Finance Banking

Risk Of Savings In Banking

Published at 07/14/2011 14:03:26

There is a famous quote that was once made by Benjamin Franklin which goes, “a penny saved, is a penny earned”, and this is the basic premise when it comes to savings banking; over time, small amounts can accumulate into huge savings. That said, how safe is your money really once you deposit it in a bank? We shall endeavor to answer that question in the course of this article.

So how do banks operate? Banks function by accepting deposits and then lending out this money to other institutions and individuals. The money deposited into a savings account should earn an interest, for the period held, which can vary from one bank to next. The risk faced by banks in the operation of business is mitigated mostly by deposit insurance schemes. This deposit insurance can vary from one region to the next.

For example, banks operating in the UK are regulated by the Financial Services Authority (FSA), which in the event of a bank collapse, would be able to protect account holders according to the limits set by the financial services compensation scheme (FSCS). This scheme currently covers up to 85,000 pounds, per person. In the USA, savings accounts are insured by the Federal Deposit Insurance Corporation (FDIC), which currently guarantees the safety of funds up to 250,000 dollars, per depositor per bank.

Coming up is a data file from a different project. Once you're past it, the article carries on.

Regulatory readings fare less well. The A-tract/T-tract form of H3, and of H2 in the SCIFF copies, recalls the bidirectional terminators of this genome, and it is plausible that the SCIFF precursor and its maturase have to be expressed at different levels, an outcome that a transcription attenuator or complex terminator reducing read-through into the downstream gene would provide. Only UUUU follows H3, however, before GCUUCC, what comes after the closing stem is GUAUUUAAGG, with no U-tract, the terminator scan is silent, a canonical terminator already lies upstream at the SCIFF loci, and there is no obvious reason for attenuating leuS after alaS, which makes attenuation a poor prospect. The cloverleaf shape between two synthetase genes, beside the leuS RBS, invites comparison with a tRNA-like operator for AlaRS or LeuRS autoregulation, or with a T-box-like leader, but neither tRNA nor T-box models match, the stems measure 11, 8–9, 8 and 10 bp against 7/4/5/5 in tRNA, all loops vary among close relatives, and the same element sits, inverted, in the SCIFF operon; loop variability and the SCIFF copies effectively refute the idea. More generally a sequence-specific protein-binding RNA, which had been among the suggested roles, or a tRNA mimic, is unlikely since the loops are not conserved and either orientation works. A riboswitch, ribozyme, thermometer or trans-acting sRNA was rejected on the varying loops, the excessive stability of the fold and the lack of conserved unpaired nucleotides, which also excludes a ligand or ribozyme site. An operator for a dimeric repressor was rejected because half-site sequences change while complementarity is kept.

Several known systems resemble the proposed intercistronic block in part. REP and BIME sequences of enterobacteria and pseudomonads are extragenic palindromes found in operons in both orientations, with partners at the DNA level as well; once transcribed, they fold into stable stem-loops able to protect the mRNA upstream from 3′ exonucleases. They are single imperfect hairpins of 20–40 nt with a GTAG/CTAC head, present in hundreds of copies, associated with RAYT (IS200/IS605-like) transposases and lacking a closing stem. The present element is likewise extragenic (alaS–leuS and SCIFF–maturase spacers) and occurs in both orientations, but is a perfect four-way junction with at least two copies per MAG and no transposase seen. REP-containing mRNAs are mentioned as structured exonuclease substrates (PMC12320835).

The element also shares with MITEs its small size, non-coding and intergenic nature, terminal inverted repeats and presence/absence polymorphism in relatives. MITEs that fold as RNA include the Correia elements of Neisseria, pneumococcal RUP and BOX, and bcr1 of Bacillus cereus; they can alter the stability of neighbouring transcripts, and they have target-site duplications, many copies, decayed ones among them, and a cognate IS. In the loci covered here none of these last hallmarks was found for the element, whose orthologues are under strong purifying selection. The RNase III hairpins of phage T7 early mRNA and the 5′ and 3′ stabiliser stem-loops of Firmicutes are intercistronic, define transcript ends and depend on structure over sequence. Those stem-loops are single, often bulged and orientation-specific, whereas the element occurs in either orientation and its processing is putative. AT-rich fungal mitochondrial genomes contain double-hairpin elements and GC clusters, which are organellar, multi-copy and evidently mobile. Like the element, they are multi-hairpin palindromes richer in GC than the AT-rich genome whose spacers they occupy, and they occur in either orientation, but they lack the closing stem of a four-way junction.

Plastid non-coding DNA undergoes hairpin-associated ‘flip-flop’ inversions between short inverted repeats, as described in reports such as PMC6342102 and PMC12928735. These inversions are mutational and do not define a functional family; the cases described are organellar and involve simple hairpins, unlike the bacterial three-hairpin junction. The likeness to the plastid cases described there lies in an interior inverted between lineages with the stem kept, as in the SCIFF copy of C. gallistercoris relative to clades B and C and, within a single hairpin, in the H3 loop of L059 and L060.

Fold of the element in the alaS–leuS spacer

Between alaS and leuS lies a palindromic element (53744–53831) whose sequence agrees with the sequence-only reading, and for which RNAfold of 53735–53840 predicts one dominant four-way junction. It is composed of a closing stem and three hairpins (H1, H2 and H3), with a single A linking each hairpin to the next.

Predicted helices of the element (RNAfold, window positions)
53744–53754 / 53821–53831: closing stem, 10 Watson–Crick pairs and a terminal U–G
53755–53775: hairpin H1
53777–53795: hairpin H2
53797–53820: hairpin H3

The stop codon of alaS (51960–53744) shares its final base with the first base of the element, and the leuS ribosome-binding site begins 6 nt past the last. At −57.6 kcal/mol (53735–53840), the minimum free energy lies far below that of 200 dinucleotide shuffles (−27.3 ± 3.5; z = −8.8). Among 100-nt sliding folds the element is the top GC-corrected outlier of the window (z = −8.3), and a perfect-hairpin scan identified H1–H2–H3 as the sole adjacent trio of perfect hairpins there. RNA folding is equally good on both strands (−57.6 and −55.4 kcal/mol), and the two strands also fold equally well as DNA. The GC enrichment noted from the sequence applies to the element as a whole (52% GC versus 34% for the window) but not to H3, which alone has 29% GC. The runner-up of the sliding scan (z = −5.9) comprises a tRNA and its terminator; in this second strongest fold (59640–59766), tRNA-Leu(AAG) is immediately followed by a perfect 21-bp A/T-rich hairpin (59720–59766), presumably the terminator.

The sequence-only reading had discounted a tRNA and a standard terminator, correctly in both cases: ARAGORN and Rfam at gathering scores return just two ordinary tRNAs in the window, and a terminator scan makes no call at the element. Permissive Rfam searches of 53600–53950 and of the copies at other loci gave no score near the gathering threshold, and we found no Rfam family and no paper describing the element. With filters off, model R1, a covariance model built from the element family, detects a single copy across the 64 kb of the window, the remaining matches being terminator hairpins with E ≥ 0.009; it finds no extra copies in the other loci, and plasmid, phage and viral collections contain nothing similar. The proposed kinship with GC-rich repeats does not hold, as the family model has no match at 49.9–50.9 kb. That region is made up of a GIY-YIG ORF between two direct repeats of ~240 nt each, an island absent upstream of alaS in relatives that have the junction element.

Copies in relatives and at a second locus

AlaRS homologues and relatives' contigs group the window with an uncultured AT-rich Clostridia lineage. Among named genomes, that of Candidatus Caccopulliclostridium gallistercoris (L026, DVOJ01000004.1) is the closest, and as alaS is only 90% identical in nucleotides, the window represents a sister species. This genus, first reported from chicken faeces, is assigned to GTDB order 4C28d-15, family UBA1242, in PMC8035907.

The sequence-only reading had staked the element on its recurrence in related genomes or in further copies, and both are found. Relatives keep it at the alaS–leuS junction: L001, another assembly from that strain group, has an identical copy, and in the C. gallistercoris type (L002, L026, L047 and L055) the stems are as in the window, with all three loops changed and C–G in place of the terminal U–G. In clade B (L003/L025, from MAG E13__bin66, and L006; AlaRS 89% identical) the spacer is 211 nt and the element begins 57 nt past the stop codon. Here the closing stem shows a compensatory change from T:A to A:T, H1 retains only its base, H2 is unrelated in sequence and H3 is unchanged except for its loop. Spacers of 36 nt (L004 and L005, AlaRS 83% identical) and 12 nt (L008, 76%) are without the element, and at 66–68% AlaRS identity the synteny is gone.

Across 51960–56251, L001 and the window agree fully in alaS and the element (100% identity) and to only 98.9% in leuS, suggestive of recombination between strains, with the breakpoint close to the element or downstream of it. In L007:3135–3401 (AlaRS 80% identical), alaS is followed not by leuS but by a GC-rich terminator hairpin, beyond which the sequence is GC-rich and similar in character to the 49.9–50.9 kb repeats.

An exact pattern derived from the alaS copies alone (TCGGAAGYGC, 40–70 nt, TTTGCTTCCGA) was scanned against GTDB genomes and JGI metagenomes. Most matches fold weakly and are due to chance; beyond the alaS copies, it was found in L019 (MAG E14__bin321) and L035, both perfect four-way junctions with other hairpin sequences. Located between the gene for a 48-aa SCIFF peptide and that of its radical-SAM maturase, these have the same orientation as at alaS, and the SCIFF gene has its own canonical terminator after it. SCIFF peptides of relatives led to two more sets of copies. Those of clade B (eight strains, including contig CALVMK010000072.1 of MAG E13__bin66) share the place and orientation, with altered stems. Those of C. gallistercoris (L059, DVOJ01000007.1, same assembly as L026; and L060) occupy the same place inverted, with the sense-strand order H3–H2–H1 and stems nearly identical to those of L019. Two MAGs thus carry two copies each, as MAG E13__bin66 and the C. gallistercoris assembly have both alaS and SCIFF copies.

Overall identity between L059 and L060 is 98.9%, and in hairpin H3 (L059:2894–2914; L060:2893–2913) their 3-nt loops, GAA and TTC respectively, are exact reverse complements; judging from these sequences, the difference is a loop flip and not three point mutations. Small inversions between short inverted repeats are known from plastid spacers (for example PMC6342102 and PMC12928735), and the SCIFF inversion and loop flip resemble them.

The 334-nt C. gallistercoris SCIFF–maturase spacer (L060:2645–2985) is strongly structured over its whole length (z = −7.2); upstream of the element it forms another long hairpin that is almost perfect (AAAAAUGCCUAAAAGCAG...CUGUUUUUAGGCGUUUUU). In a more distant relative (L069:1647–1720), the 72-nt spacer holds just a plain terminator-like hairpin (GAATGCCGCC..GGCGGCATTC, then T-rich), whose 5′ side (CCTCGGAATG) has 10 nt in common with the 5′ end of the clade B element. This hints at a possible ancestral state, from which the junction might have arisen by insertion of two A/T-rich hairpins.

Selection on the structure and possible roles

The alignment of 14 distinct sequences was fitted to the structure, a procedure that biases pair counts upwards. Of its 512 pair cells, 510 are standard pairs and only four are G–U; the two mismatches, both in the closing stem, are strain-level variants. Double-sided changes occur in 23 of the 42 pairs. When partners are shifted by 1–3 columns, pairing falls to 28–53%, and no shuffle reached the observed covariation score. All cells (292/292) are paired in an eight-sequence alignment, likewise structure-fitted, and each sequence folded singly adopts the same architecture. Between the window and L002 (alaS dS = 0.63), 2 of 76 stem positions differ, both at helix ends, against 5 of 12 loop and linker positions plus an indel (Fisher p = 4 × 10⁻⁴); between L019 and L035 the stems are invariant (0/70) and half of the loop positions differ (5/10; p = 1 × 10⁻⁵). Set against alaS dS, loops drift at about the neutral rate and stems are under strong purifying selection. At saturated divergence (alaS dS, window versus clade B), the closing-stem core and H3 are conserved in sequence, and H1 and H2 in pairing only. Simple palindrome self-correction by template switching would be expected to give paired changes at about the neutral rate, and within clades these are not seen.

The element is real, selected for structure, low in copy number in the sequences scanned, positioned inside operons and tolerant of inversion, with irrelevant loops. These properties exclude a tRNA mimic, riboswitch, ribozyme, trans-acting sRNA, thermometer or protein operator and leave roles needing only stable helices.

Tips and comments:

Savings banking is not without its own risks; therefore, it would be wise to make a deposit that fits in with the deposit insurance provided by your banking institution. Another important factor to consider is, not all financial institutions are covered by these deposit insurance schemes. You should therefore check, with the relevant regulator, whether you’re prospective or current bank is covered by this scheme.